# How to Program, Part V

It is easy to take strings apart and put them back together using Python.

 pieces.py 1 x = "Don't break up with me!" 2 start = x[0:5] # selects characters 0 to 4 3 end   = x[5:]  # selects characters 5 until the end 4 print "Do",end 5 end += str(3) # add a number onto a string 6 print "and again... Do",end ```\$ python ./pieces.py Do  break up with me! and again... Do  break up with me!3 ```

We can also find a substring in a larger string.

 where.py 1 x = "Where am I?" 2 n = x.find("am") 3 print "n=",n 4 print x[0:n],"|am|",x[n+2:] ```\$ python ./where.py n= 6 Where  |am|  I? ```

This means we can even replace a substring if we want to:

 where2.py 1 x = "Where am I?" 2 n = x.find("am") 3 xnew = x[0:n]+"are"+x[n+2:] 4 print xnew ```\$ python ./where2.py Where are I? ```

Notice that we can use "+" to put two strings together.

We could capture this behavior using a function:

 repl.py 1 def repl(needle,new_needle,haystack): 2 n = haystack.find(needle) 3 return haystack[0:n]+new_needle+haystack[n+len(needle):] 4 5 print repl("am","are","Where am I?") ```\$ python ./repl.py Where are I? ```

This all works very well until we look for something that isn't there.

 where3.py 1 import repl 2 3 print repl.repl("am","are","What's going on here?") ```\$ python ./where3.py Where are I? What's going on herearehat's going on here? ```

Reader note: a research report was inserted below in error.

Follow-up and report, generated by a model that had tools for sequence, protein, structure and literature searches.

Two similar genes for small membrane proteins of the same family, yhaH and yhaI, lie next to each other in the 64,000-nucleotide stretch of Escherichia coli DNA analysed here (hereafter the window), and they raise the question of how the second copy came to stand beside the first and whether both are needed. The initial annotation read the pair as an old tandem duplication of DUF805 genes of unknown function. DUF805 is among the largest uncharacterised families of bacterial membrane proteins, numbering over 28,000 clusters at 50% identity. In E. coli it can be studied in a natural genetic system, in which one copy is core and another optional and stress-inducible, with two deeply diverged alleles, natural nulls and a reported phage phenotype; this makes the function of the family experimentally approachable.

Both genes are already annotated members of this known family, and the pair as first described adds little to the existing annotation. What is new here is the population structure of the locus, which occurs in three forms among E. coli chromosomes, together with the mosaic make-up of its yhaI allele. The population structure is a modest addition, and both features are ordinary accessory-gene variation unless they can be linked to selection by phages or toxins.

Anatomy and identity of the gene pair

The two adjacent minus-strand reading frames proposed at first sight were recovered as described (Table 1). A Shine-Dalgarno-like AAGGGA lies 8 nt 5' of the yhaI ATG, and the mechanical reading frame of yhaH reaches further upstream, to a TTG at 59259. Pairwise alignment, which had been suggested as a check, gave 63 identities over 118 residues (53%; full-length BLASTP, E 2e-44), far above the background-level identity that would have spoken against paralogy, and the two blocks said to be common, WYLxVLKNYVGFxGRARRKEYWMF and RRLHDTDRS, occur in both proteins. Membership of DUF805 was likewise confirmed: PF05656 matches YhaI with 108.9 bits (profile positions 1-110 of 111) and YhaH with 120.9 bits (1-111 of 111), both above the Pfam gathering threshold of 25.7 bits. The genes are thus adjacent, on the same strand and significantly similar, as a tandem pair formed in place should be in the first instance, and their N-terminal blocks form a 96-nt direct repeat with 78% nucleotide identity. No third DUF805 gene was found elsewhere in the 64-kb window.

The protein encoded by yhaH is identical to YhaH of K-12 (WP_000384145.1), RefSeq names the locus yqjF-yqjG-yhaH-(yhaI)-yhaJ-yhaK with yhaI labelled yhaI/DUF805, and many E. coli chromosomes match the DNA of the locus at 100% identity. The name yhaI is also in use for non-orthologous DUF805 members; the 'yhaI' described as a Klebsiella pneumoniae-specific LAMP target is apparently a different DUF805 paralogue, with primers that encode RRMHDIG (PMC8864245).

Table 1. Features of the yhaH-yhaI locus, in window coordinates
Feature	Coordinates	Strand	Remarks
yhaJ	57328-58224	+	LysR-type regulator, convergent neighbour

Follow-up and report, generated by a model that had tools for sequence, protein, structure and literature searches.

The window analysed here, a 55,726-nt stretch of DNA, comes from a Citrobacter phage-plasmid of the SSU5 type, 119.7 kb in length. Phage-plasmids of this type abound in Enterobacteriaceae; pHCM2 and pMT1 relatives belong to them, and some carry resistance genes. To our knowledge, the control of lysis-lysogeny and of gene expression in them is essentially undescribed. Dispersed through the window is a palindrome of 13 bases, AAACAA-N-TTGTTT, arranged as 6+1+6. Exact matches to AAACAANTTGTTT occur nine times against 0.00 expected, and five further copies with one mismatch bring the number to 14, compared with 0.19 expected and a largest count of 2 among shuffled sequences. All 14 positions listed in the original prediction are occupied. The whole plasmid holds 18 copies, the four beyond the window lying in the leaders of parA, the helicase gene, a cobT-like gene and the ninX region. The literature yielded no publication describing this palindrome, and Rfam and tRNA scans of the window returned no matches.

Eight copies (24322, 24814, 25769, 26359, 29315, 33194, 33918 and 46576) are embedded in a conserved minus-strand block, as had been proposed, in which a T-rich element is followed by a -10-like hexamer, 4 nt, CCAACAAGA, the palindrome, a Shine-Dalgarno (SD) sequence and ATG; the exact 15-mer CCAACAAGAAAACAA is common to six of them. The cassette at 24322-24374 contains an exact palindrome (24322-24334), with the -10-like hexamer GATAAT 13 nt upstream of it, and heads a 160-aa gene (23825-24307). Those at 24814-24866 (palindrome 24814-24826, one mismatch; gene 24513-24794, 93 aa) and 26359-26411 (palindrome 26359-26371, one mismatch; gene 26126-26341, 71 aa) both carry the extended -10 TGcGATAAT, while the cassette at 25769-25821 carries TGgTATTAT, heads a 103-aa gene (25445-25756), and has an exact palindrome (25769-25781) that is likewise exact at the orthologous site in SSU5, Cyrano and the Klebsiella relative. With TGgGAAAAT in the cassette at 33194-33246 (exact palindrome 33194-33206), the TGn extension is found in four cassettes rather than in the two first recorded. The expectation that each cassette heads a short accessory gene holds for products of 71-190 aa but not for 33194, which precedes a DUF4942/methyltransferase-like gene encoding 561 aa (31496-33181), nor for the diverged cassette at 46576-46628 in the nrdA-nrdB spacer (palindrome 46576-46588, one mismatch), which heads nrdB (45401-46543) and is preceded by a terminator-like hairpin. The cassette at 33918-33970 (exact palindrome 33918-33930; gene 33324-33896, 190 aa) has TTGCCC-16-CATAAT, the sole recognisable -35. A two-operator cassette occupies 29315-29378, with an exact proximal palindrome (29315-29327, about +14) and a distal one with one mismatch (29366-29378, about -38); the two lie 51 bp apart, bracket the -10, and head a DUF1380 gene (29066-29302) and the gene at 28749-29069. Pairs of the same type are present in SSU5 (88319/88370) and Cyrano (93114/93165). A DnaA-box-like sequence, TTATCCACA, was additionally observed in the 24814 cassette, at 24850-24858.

What happened? To figure this out, we will make a small program:

 uhoh.py 1 s = "nice day" 2 n = s.find("night") 3 print n 4 print s[0:n] ```\$ python ./uhoh.py -1 nice da ```

First we see that find() returns a -1 if it fails to find something. Then we discover that the range operation interprets negative numbers in a funny way. It treats s[0:-1] the same as s[0:len(s)-1].

To avoid this problem, we make a new version of repl.

 repl2.py 1 def repl(needle,new_needle,haystack): 2 n = haystack.find(needle) 3 if n < 0: 4 return haystack 5 else: 6 return haystack[0:n]+new_needle+haystack[n+len(needle):] 7 8 print repl("am","are","What's going on here?") ```\$ python ./repl2.py What's going on here? ```

Now our program behaves as expected. If our needle is not present in the haystack, then we don't make any substitutions.

Of course, it should not surprise you to learn that Python already has a built in method for replacing strings.

 doh.py 1 print "Where am I?".replace("am","are") ```\$ python ./doh.py Where are I? ```

Now, however, you know enough about Python and programming to be able to write this function, and perhaps similar ones, yourself.

Here are a few other useful string methods:

 ostring.py 1 print "Hello".upper() 2 print "Hello".lower() 3 print "aa.bbbb.c".split(".") ```\$ python ./ostring.py HELLO hello ['aa', 'bbbb', 'c'] ```

Problems:

1. Write a function replaces a word with an upper case version of itself, i.e. if we call repl("foo","there be foo here") we get "there be FOO here".
2. Write a function that replaces all occurrences of a given needle with a new needle, i.e. replAll("and","&","and a one and a two and a three") produces "& a one & a two & a three".
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